to Build Collaborative Community

and Support At-Risk Algebra Students Using Mathematical Puzzles and Dialogues A Habits of Mind Approach Transition to Algebra a full-year intervention course designed to be taken

concurrently with first-year algebra (aka double period algebra)

uses mathematical puzzles and read-aloud dialogues to encourage collaborative problem solving and use of precise mathematical language Why Puzzles? Focuses on a few key mathematical ways of thinking or

Quickly gives students the

mathematical knowledge, skill,

and confidence to succeed in a

first-year algebra class Puzzling and Persevering

Seeking and Using Structure

Using Tools Strategically

Describing Repeated Reasoning

Communicating with Precision TTA is a 4-year research and development project funded by the National Science Foundation. TTA has is also being used in other settings including

summer school and middle school as pre-algebra Mary Fries, mfries@edc.org

Jane Kang, jkang@edc.org ttalgebra.edc.org mathematical habits of mind Consistent with Common Core State Standards for Mathematical Practice 1. Make sense of problems and persevere in solving them.

2. Reason abstractly and quantitatively.

3. Construct viable arguments and critique the reasoning of others.

4. Model with mathematics.

5. Use appropriate tools strategically.

6. Attend to precision.

7. Look for and make use of structure.

8. Look for and express regularity in repeated reasoning. Mathematical Puzzles:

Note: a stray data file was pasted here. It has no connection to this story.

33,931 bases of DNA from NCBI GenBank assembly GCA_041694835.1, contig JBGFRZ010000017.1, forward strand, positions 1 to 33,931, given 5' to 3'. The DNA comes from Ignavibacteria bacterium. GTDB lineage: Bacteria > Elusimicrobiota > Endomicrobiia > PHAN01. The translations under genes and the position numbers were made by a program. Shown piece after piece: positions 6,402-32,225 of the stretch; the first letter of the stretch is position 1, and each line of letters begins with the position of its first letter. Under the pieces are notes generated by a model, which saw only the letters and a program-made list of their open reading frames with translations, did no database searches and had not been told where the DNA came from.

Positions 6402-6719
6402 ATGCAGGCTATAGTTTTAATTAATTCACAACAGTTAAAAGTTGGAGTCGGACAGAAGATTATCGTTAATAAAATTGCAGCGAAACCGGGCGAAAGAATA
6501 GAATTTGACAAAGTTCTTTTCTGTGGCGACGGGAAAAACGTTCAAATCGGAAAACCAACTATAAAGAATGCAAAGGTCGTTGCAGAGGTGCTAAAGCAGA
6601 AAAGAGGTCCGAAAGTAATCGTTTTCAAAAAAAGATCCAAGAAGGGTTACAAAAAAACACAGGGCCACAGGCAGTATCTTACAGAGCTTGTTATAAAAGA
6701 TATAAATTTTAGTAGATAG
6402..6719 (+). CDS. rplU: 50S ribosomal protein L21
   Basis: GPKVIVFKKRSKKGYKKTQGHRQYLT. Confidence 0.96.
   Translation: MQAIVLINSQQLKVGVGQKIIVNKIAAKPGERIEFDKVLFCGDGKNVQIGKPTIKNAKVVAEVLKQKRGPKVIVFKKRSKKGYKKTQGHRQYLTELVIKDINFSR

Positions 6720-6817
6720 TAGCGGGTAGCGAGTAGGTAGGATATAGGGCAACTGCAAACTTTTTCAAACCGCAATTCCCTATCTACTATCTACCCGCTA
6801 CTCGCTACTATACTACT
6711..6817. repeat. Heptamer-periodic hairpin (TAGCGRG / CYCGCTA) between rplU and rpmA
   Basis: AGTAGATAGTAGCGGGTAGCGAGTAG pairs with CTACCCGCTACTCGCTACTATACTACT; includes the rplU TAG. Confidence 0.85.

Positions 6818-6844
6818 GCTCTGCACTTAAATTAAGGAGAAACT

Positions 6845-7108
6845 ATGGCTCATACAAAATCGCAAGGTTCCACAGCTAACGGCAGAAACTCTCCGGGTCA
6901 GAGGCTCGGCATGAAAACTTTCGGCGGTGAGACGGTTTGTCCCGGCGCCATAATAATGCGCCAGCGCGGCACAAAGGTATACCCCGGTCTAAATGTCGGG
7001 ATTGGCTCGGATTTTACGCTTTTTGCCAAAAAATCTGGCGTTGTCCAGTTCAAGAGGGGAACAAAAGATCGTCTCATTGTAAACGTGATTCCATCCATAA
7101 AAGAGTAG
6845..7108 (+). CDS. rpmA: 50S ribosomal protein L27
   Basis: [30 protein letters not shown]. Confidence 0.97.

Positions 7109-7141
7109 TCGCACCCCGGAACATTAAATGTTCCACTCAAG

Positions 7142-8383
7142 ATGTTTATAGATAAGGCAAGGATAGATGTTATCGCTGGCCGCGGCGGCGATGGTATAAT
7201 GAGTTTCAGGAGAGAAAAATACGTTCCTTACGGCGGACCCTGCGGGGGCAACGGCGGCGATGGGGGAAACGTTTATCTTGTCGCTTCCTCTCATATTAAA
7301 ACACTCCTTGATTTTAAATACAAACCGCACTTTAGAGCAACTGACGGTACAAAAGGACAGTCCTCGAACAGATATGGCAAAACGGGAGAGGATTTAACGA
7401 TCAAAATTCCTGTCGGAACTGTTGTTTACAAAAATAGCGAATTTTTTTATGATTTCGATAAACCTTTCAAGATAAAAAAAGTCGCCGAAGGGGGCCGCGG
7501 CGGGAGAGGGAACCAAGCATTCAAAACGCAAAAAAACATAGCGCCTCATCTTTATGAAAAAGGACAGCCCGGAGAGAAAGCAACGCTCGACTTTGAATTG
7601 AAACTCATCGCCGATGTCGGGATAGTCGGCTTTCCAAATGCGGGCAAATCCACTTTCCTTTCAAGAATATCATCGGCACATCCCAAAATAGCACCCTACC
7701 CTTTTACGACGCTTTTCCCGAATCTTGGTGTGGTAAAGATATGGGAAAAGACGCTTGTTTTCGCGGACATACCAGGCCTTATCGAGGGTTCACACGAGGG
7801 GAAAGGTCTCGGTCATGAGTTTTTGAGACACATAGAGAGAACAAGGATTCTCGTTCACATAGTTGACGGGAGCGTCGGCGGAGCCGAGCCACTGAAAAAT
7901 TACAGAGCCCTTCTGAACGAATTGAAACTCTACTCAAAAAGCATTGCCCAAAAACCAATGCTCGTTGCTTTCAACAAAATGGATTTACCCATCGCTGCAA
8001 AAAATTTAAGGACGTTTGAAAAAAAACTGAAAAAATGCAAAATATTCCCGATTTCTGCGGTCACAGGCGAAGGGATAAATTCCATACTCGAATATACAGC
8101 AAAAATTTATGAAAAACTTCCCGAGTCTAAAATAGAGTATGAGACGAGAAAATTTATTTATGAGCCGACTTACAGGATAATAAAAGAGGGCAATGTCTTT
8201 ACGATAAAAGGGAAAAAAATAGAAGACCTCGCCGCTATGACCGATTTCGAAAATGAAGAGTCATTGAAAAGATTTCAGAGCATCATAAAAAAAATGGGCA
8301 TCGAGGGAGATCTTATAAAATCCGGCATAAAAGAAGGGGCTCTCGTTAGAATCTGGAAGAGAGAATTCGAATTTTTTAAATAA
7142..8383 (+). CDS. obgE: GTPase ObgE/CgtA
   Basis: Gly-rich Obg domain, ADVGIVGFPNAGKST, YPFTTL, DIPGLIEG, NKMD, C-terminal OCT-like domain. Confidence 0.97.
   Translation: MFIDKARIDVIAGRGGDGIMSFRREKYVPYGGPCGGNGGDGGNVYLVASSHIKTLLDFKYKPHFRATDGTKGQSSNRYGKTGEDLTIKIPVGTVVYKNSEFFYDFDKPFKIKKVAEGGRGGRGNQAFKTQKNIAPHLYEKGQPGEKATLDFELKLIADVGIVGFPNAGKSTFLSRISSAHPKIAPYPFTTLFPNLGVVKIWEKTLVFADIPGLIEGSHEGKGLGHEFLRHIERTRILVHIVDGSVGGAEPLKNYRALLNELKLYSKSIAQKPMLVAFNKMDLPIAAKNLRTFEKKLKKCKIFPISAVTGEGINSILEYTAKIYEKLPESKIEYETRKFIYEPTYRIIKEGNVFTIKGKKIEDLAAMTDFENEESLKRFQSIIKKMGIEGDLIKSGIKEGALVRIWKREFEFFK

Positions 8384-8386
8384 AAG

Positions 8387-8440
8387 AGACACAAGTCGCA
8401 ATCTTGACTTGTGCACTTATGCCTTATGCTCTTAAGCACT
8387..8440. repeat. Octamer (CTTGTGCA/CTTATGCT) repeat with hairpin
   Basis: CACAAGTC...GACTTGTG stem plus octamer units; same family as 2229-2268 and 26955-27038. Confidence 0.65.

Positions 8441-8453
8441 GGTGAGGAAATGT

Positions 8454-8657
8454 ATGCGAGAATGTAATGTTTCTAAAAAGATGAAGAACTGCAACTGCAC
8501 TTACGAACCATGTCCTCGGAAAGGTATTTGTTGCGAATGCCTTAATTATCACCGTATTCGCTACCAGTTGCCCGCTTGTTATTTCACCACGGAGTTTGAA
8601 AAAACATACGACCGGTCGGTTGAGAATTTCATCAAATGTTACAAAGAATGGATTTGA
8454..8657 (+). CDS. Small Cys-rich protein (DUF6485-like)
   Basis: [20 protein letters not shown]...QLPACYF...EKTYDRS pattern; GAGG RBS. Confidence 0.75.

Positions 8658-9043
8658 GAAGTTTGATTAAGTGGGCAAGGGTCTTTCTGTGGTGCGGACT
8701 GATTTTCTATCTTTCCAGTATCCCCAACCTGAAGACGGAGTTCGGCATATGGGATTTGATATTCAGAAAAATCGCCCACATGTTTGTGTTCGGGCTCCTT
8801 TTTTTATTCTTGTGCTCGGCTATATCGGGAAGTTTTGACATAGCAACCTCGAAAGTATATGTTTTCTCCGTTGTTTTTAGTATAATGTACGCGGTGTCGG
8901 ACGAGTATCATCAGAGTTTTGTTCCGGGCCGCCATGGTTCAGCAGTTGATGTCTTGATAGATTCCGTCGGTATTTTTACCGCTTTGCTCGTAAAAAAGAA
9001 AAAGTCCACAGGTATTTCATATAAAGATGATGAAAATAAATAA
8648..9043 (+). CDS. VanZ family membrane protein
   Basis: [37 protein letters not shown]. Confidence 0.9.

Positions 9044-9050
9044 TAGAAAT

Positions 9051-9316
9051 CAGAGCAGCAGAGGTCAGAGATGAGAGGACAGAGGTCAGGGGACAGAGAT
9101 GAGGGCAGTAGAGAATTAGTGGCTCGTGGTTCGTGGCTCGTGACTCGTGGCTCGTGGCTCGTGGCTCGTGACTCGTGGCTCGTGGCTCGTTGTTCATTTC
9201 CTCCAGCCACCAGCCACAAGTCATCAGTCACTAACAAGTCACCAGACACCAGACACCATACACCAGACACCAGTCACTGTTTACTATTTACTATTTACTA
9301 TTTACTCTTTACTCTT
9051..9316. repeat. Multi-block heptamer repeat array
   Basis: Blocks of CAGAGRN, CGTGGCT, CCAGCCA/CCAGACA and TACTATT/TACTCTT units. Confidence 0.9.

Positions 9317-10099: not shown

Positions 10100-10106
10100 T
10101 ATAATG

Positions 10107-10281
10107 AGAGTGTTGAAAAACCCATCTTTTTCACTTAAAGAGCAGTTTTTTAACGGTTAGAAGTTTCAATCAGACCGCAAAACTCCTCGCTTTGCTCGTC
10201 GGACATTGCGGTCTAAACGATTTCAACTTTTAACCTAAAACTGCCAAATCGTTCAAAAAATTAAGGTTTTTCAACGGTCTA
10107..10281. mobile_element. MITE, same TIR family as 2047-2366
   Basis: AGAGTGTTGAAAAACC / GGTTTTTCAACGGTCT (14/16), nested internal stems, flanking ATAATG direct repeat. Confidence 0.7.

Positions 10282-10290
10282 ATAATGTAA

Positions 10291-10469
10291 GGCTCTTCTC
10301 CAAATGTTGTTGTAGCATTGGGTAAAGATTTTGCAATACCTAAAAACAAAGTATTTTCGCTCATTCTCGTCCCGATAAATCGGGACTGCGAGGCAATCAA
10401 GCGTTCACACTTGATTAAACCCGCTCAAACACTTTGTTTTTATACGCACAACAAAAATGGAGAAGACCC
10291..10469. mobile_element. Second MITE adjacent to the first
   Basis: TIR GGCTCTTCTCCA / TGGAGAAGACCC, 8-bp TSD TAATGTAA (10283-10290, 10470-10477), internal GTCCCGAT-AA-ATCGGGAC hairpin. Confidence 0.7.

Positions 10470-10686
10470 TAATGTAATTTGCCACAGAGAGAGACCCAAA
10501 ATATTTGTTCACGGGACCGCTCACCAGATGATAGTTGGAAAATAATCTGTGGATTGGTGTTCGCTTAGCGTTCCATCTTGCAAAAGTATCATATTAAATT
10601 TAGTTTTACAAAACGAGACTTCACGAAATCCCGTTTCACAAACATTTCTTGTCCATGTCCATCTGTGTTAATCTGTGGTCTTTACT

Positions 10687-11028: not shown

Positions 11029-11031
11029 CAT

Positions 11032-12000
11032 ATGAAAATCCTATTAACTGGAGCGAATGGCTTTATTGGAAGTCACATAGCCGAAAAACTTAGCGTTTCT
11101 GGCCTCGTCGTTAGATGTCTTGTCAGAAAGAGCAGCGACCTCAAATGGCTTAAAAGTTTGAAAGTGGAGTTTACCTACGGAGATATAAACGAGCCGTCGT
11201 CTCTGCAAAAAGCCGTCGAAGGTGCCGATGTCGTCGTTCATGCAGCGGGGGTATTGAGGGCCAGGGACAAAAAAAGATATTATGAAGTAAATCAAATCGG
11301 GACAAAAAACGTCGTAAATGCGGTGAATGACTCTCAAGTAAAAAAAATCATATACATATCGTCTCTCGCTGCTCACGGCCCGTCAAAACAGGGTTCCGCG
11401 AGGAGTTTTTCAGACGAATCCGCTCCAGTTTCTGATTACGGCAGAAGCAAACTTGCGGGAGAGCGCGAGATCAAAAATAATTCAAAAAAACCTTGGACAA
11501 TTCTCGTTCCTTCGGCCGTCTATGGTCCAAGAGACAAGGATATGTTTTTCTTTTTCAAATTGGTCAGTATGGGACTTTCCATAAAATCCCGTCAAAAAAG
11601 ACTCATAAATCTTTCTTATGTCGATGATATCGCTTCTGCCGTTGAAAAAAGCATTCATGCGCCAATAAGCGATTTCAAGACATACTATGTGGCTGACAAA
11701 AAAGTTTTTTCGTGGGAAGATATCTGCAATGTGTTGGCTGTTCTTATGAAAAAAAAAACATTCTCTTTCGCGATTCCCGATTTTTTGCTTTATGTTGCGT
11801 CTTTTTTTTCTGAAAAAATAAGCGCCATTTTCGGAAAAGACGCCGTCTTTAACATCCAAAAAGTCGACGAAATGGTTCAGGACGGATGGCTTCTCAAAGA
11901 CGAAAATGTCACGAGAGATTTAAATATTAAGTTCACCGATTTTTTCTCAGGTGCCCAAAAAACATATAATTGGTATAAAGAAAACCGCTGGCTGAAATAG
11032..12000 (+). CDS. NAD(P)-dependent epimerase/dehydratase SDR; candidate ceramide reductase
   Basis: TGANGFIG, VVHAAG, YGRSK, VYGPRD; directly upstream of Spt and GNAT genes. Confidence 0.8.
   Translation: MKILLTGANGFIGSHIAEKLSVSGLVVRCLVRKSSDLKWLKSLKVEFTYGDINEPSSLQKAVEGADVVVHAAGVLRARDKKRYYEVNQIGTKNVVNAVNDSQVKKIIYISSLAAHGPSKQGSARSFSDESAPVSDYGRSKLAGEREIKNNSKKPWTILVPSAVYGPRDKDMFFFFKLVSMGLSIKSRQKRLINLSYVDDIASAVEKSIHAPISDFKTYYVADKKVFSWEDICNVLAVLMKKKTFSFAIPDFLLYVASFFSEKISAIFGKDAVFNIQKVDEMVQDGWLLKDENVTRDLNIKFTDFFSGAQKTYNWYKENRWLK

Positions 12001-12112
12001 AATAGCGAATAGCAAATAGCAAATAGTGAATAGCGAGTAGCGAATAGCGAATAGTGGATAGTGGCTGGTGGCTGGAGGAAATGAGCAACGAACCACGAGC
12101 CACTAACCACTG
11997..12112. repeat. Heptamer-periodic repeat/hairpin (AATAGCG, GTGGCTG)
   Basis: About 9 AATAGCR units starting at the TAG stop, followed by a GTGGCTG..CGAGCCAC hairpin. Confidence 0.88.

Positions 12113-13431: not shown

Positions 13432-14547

are genuine problems

support number sense

encourage logical reasoning

help students develop strategy

in problem solving

are fun and engaging

allow for social collaboration in solving

encourage perseverance as solution method may not be known before starting Students learn systems of equations intuitively Mobile Puzzles MysteryGrid Puzzles Use the clues to fill in each grid so that every row and every column contains all of the numbers in the title. Dialogues model mathematical discussion

address common confusions and misunderstandings

encourage academic and mathematical language Students can:

read them out loud in small groups

act them out in front of the class

even videotape their readings! Michael

Lena

Jay NCSM 2013 "[When] students were given the opportunity to look at a book, they would immediately go for the puzzles." - TTA Teacher Students indicated that mystery grids and area models were among the most useful activities in helping them understand algebra. Classroom Use Using dialogues in the classroom was challenging, but creating dialogues helped students explain their thinking. Teachers who taught both algebra 1 and the intervention class were better able to make connections between them. Discussion How was your experience exploring these activities today?

How do you see these experiences translating to students?

How do you see these ideas taking place in your school?

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# Using Mathematical Puzzles and Dialogues to Build a Collaborative Community and Support At-Risk Algebra Students

Presentation for NCSM 2013

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